From the virtual pub quizzes and escape rooms with friends to weekly Zoom calls with parents and grandparents, the digital world has become a much needed crutch for most of us this year. It’s made working from home seamless for a lot of businesses and ensured that we’ve kept in touch and connected with loved ones, albeit in a more detached manner. Social media has also been fundamental in raising awareness and maintaining momentum for the Black Lives Matter movement.
Yet, for all of the pluses that come with being connected 24/7, you might have also noted that you’ve felt more lethargic than usual. As our screen time has surged, our energy levels have dipped. And, for some this has resulted in digital fatigue, which takes its toll both mentally and physically.
“When we walk onto a packed train or go into a busy shopping centre we can sometimes feel an onslaught of energy and we’re pretty much experiencing this online now,” explains Giselle La Pompe-Moore, spiritual guide, meditation teacher and founder of Project Ajna. “There are a lot of voices, opinions and tensions playing out and as we spend so much time online it can often feel like there’s no escape. Especially if we still want to be able to see what our friends or up to and stay informed.”
While lockdown might be easing slowly, it’s unlikely that many of us will be dramatically reducing our screen time any time soon, so how can we ease the effects of digital fatigue?
Bring Back ‘BRB’
For those who grew up with MSN Messenger, ‘brb’ (be right back) will be a nostalgistic throwback. But Giselle strongly believes the reason it’s slipped out of usage should be a red flag to us all though. “We rarely go offline now, especially when the outside world feels even further away,” says Giselle. “It can be incredibly tiring being in digital spaces right now, especially if you’re a black person as there’s quite often emotional labour that’s required or re-traumatising videos of violence and racism.”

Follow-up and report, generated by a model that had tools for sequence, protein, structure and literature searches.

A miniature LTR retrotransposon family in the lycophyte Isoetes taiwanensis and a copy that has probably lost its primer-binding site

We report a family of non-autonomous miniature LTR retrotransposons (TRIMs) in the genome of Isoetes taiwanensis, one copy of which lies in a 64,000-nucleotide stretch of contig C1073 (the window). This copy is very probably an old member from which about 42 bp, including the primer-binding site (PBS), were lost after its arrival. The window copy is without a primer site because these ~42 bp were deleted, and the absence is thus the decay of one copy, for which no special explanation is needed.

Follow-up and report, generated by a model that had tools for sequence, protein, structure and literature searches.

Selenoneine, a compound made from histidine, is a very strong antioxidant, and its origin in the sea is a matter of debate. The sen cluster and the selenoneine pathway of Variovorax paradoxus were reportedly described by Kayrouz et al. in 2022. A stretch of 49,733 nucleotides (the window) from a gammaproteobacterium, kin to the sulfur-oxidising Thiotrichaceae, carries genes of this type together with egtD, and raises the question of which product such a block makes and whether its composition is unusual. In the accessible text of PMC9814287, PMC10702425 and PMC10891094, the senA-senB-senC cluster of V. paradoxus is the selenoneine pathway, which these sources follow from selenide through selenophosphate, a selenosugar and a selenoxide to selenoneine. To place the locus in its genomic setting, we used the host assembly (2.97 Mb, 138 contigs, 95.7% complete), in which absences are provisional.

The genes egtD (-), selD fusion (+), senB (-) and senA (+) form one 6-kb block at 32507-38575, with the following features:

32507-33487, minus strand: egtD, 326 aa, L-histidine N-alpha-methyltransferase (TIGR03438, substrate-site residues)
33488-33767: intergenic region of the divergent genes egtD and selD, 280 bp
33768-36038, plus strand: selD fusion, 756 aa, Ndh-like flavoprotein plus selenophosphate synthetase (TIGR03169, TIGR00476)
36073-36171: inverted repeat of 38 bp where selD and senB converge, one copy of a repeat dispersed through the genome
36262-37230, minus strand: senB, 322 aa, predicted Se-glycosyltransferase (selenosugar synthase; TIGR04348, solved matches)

Reintroducing the term ‘brb’ is a way of creating boundaries, something that Giselle recommends we all do. “For some people, easing the effects might look like deleting apps altogether, while for others it might be choosing to spend a certain amount of time online or on certain social media platforms per day,” she says.
“When you decide what boundaries you need to set it’s always worthwhile having a replacement activity, this could be reading a book, learning a few words of a different language, going for a walk or another self-care practice,” says Giselle. While it can be helpful to schedule in social media and screen time breaks if you’re someone who regularly finds themselves mindlessly scrolling, these boundaries don’t have to be set in stone.
Prioritise Your Sleep
You might liberally spritz your face with Allies of Skin Molecular Saviour Probiotics Repair Mist or slather on Chantecaille Blue Light Protection Hyaluronic Serum to help counteract the effects of blue light (HEV light emitted from your phone and screens) on your skin, but it can play havoc with your sleep pattern too. And, when you’re feeling particularly lethargic, a good night’s sleep can be just the tonic.
“The average person doesn’t prioritise sleep as it is, but spending too much time in front of devices in the hours before bed can impact our sleep health,” says Annee de Mamiel, acupuncturist and founder of de Mamiel. “It can lead to a suppression of the sleep hormone melatonin, disrupt our circadian rhythms, reduce REM sleep and compromise our alertness the next morning.”
Cutting back on screen time for an hour or so before bed can make a huge difference. Author and journalist Bryony Gordon reads for at least one, if not two, hours before going to sleep to help her relax and switch off.
You might not be able to limit your screen time at 9pm every evening, but making a conscious effort to do so three or four times a week can help your body to switch off. Try setting the tone by misting your bedroom with Votary Pillow Spray or massaging de Mamiel Soothe Sleep Series onto your pulse points. Annee formulated the latter as part of the Sleep Series to help promote a healthier sleeping pattern.
Check In With Yourself
Digital fatigue can creep up on you unexpectedly. Both Annee and Giselle recommend regularly taking time out to check in with yourself. “See what feels good to you and what doesn’t when you’re engaging in digital spaces. If memes, baking videos and group chats make you smile then you should keep doing that,” says Giselle. “If you find yourself mindlessly scrolling and feeling unsettled or exhausted when you’ve done that, then it’s OK to step back and reduce the time there.”